Tuesday, May 1, 2007
It's a shame that few people have moved to the television city of Jericho.
Set in a post-apocalyptic nightmare of collapsed federal government, crazed road gangs, and inter-city warfare, Jericho is a surprisingly sweet family drama that focuses on a small Kansas community trying to come to grips with the transformation of their lives. Prewar leaders find themselves swept away as new value systems take hold. The farmer viewed as an amiable dunce before the bombs becomes an indispensable community resource. The grizzled (yet amiable) mayor loses his position to a law and order security czar. And amidst all the turmoil and politics and recriminations, families continue to cling to each other and to missing loved ones.
Jericho tackles complex issues, exploring their contours over multiple episodes. When road-weary newcomers arrive, starving and desperate, should the community open the homes of its citizens who haven't returned since the bombs exploded? Or should the town control its borders and restrict entry only to outsiders who can offer help? Similarly, the show explores the impact of hunger upon our fragile ethics. Is it acceptable to steal from a neighbor to feed your family? Is to acceptable to allow one person to die in order to save another? What's cool about Jericho is how the show demonstrates that these sorts of questions cannot be so easily outsourced to experts -- cops, doctors, clergy -- in case of disaster. When the walls come down, even simple everyday people in a small Kansas town must search their consciences, both collectively and personally.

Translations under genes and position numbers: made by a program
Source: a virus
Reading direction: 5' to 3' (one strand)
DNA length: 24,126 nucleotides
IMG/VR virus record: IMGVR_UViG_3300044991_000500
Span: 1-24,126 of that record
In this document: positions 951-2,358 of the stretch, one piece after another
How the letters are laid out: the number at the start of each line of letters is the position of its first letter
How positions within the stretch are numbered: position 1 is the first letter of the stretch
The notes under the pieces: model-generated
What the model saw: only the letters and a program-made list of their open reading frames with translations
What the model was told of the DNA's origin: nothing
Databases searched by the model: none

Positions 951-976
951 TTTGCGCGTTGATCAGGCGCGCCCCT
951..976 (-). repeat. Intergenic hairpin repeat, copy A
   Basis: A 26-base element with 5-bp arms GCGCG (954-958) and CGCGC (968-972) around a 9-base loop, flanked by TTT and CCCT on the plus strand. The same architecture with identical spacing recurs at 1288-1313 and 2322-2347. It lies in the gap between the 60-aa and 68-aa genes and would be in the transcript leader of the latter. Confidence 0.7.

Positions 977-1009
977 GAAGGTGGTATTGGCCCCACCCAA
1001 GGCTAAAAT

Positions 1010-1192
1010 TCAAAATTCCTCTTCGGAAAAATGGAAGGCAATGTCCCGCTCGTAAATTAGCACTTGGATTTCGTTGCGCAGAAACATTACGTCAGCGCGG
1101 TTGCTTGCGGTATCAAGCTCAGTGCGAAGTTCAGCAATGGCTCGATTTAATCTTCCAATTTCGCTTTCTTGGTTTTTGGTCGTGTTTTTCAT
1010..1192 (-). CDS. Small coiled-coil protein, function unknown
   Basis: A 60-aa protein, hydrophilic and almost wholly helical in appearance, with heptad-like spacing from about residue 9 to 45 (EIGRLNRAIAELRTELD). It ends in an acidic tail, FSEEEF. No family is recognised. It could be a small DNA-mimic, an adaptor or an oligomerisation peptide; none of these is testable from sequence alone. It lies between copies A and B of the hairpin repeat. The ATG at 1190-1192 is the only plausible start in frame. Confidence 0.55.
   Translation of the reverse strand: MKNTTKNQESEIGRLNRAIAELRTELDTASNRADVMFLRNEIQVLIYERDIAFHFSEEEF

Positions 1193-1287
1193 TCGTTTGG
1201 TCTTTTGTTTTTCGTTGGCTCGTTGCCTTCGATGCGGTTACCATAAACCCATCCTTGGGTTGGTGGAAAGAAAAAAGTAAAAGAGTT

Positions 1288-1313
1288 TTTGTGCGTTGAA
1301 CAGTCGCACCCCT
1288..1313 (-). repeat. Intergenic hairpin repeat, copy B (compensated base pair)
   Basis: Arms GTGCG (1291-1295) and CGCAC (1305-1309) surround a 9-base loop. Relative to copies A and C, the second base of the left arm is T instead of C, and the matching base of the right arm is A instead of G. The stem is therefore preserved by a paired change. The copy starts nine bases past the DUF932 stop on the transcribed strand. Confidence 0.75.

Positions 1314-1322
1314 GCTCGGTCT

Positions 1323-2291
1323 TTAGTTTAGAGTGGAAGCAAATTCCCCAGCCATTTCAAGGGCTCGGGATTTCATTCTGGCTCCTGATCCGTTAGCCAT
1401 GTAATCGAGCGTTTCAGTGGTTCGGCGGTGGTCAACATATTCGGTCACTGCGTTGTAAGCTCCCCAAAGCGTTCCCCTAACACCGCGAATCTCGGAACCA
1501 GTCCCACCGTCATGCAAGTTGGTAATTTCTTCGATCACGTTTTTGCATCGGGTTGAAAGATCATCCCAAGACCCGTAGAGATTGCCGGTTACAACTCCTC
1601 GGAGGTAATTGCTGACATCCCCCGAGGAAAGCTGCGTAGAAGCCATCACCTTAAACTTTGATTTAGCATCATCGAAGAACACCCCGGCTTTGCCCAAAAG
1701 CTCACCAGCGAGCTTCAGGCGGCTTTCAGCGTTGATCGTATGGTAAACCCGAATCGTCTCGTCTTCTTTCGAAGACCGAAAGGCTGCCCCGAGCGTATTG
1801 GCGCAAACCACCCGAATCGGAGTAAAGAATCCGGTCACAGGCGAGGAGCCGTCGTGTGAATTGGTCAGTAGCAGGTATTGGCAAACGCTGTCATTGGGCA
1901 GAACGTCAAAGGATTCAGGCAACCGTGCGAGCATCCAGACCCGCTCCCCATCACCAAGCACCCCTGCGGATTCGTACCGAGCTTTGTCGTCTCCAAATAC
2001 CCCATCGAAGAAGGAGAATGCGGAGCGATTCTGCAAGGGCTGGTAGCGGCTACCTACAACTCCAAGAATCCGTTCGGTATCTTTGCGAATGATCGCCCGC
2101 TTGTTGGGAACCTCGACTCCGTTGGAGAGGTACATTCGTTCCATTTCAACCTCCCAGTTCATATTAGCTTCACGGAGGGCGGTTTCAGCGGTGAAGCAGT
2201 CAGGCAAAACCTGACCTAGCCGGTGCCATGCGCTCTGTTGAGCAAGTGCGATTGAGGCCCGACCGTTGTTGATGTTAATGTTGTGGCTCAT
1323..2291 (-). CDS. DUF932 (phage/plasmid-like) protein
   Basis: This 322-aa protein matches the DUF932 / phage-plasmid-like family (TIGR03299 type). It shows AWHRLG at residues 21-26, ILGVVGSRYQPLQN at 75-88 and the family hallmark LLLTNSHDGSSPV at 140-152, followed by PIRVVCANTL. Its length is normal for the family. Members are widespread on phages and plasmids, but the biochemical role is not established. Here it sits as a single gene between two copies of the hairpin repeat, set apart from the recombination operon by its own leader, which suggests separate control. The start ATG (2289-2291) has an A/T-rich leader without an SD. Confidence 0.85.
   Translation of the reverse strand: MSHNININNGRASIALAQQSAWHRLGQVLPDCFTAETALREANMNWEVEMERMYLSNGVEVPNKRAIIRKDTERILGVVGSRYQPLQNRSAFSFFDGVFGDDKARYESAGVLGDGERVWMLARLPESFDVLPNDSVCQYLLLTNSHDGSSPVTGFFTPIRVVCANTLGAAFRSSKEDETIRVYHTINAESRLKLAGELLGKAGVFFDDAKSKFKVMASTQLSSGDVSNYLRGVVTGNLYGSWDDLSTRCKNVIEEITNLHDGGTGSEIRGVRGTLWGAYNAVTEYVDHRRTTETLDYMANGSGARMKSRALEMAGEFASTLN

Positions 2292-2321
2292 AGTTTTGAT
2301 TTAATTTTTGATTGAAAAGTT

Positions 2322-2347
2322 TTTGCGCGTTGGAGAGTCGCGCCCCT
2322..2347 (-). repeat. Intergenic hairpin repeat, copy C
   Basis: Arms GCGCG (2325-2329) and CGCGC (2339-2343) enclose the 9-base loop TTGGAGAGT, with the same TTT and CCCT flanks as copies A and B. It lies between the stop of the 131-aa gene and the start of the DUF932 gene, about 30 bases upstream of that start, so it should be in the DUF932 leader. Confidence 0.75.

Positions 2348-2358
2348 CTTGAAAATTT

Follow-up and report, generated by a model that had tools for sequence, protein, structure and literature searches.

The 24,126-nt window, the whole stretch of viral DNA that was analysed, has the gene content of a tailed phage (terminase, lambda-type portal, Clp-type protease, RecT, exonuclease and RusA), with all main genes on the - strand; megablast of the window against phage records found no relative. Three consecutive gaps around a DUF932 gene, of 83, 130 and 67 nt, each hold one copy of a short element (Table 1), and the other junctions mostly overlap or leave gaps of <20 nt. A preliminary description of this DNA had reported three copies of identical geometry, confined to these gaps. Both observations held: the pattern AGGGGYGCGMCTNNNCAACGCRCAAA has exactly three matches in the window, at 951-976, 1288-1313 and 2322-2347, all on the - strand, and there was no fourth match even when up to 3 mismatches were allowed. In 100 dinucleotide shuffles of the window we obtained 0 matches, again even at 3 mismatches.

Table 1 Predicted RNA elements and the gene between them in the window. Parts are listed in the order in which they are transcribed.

And then there's the mythology: an unfolding revelation of who detonated the bombs and why. In this manner, Jericho is as frustrating and delightful as The X-Files in its half-lidded hints and dropped threads. Did the Chinese launch the attacks, or are they trying to help us with those airdrops of food. Why didn't Hawkins detonate his nuke, and whose side is he on anyway? And what was with the electromagnetic pulse? I remember seeing the air burst in the show's opening weeks, and thinking, "who launched that?" To this day, I haven't a clue.
Jericho took a while to find its footing. The show is a complicated hybrid: action/adventure, morality play, family drama, small town 90210. Even now, some episodes meander through seemingly mundane details, leaving the mythology underdeveloped. As a result, the show has suffered declining ratings and virtually no buzz, even by folks who should love this sort of thing. At this point, CBS hasn't even announced whether it will renew Jericho. And that's a shame.
Jericho has heart, it has likable characters, and it has a fascinating story. I discovered it because my cable provider, Comcast, featured the show in its on-demand channel. Jenny and I are hooked, watching it every week to find out what happens to that little Kansas town.
Will the windmills provide enough power? Will the mercenaries return? Will the harvest be enough to last?